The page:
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Guest comment: Retailers must understand the importance of an integrated multichannel offering

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by Michael Norton

In recent years the online retail sector has exhibited continued growth, even as mainstream retail has slowed. It is now thought that £1 in every £8 is spent online and many brands such as ASOS and Amazon are successfully developed as online-only businesses. The fact that the ecommerce industry has continued to flourish and show resilience at a time of great economic uncertainty is an achievement which should be applauded. However, in 2012 retail brands should be looking at new and innovative ways to prosper and keep consumers satisfied.

The convenience and low prices associated with shopping via the web have encouraged consumers to spend without the hassle of the high street and often at a cheaper price. The advent of smartphones has helped to contribute to the notion that shopping should now be about convenience and easy accessibility, as consumers can shop on the move and browse products at their own leisure.

Nevertheless, the increase in popularity of online shopping does not necessarily have to signal the end of the high street, or mean that shopping in traditional shops should suffer. The perception is often that consumers are turning their backs on the high street when in fact the modern consumer wants to shop in a variety of different ways, without giving up on any one method. Each shopping style has its own unique footprint, for example we are more likely to buy high-end products such as jewellery and electrical goods in a store, while the weather and distance can play a part in consumers turning online for lower value goods.

Savvy retailers are embracing the e-commerce revolution by expanding and strengthening their traditional offering into a multichannel approach, with both mobile and social media commerce now providing new avenues to convert sales. The key is to appreciate that consumers want to shop in a variety of ways depending on their mood, location or what they’re doing at the time. For example, some people will opt to make a purchase through their smartphone while they wait for their train, or are sitting at home watching TV. Others will prefer to browse items at their leisure before walking into a physical store to make a purchase. To be successful, retailers need to provide a variety a of purchase methods to cater for all consumer desires. In these difficult times, retailers need to offer integrated payment options to increase the chance of making a sale.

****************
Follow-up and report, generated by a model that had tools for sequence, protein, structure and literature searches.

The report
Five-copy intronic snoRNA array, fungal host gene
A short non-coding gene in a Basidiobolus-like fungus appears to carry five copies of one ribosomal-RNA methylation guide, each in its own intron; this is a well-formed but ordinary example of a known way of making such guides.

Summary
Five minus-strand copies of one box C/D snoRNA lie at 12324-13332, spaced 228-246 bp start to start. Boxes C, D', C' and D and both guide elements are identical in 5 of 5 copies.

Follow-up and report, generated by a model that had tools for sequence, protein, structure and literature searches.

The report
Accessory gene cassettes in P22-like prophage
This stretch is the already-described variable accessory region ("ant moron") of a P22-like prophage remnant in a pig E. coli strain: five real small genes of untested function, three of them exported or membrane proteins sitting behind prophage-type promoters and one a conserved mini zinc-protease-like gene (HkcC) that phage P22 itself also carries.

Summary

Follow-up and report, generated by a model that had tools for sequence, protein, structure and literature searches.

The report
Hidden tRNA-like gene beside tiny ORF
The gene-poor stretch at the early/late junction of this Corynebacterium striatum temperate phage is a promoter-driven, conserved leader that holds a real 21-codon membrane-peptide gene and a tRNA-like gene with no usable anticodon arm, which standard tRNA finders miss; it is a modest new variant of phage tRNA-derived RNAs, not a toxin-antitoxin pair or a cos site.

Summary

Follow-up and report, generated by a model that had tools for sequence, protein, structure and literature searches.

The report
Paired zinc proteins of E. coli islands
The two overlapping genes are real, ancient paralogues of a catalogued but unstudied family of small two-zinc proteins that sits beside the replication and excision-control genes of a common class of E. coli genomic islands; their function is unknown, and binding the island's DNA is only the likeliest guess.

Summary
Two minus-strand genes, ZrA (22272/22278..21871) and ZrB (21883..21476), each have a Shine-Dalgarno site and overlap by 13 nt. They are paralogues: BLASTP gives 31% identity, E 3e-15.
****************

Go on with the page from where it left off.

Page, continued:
Developments needn’t be dramatic. Having a stable and secure ecommerce site must provide a basis for any brand branching into online. Retailers should also consider that a mobile-optimised site including the payment page, that is rendered correctly, can work well when encouraging consumers to visit the traditional store. However, the payments, fraud management and core ecommerce engines that lie underneath these new shopping platforms can remain as before.

Many retailers have successfully managed to integrate their online and offline approaches with high-street brands such as John Lewis offering ‘click and collect’ services to ensure that online can compliment a bricks and mortar store. Moreover, online retailers using services such as Collect+, which allows consumers to collect and return parcels at local convenience stores, make the online shopping experience even more convenient, while encouraging customers to visit their local high street.

Although many in the industry believe the rise in online shopping has had a negative impact on the high street, we believe retailers can work to develop an integrated online service which can incorporate all the different aspects of retail and benefit the brand both on the high street and on the web.

Michael Norton is managing director of

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